Most loan agreements permit various ad-backs to EBITDA for extraordinary, non-recurring, and unusual costs, expenses and losses. However, these terms are not explicitly defined and open to interpretation based on GAAP principles and commonly accepted definitions of these terms. Commonly, a credit agreement will limit addbacks to EBITDA across various categories, often capping or limiting certain categories to a certain dollar threshold. While EBITDA-C is not a GAAP term, we are seeing coronavirus adjustments to EBITDA in loan documentation to specifically carve out COVID-19-related costs for underwriting and covenant purposes. Examples of expenses and losses borrowers may seek to add back include:
- Purchase of personal protective gear (so long as it’s not usually required in the course of business, such as in the case of food establishments and hospitals)
- Costs to set up or facilitate remote work for employees due to stay-at-home orders, including IT and training, home office equipment, etc., and subsequently transitioning them back to the office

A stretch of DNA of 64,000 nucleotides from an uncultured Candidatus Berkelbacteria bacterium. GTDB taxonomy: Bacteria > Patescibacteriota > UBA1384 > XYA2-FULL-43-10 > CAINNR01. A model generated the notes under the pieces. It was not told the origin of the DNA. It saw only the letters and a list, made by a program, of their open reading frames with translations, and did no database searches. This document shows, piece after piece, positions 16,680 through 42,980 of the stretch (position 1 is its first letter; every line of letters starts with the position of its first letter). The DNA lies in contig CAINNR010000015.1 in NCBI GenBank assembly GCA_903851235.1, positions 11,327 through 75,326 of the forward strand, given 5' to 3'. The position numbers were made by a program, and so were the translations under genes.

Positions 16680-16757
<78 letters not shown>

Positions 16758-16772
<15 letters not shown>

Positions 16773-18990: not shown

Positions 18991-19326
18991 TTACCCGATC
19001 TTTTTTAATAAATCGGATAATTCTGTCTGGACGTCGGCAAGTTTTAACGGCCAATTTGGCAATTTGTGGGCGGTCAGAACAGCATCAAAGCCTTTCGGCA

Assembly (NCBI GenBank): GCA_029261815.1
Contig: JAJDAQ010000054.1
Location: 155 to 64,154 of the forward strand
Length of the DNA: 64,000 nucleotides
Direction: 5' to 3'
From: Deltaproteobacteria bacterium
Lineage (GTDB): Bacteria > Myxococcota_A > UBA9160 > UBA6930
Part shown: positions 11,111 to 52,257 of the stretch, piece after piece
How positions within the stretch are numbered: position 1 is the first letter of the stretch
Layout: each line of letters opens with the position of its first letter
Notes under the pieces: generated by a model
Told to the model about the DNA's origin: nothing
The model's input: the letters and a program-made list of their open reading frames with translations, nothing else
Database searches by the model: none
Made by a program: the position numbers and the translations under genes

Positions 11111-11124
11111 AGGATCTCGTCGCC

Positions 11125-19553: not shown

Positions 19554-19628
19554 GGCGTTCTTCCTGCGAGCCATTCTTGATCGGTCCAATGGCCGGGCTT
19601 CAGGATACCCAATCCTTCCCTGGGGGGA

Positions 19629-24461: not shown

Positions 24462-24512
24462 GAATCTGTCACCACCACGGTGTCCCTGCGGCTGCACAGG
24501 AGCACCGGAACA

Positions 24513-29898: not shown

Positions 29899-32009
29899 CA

- Termination fees and other expenses incurred relating to cancelled events and contracts
- Pandemic planning expenses
- Production delays due to supply chain disruption
- Increased security and screening
- Costs associated with cleaning and disinfecting facilities more frequently or more thoroughly, as required by local and state orders
- Employee costs including temporary hazard pay to compensate employees for performing their normal duties at increased personal risk and additional time off for sickness or carer leave
- Professional fees relating to compliance with COVID-19 local and state orders and advice regarding CARES Act loans
Addbacks of Lost Revenue
Most businesses impacted by COVID-19 would argue that the key impact on their financial performance has been lost revenue. However, revenue addbacks are generally harder to justify and are typically not allowed in most credit agreements. The concept of “lost revenue” does not exist in GAAP, and has historically not been a permissible addback in the case of revenue lost due to terrorist attacks, natural disasters, etc. It is also often very difficult to quantify lost revenue.
In the underwriting of new loans, lenders are carefully evaluating revenue adjustments to the LTM period, and rightfully so. That said, many lenders understand the necessity of evaluating each transaction on a case-by-case basis, and lenders are considering various approaches to normalizing revenue.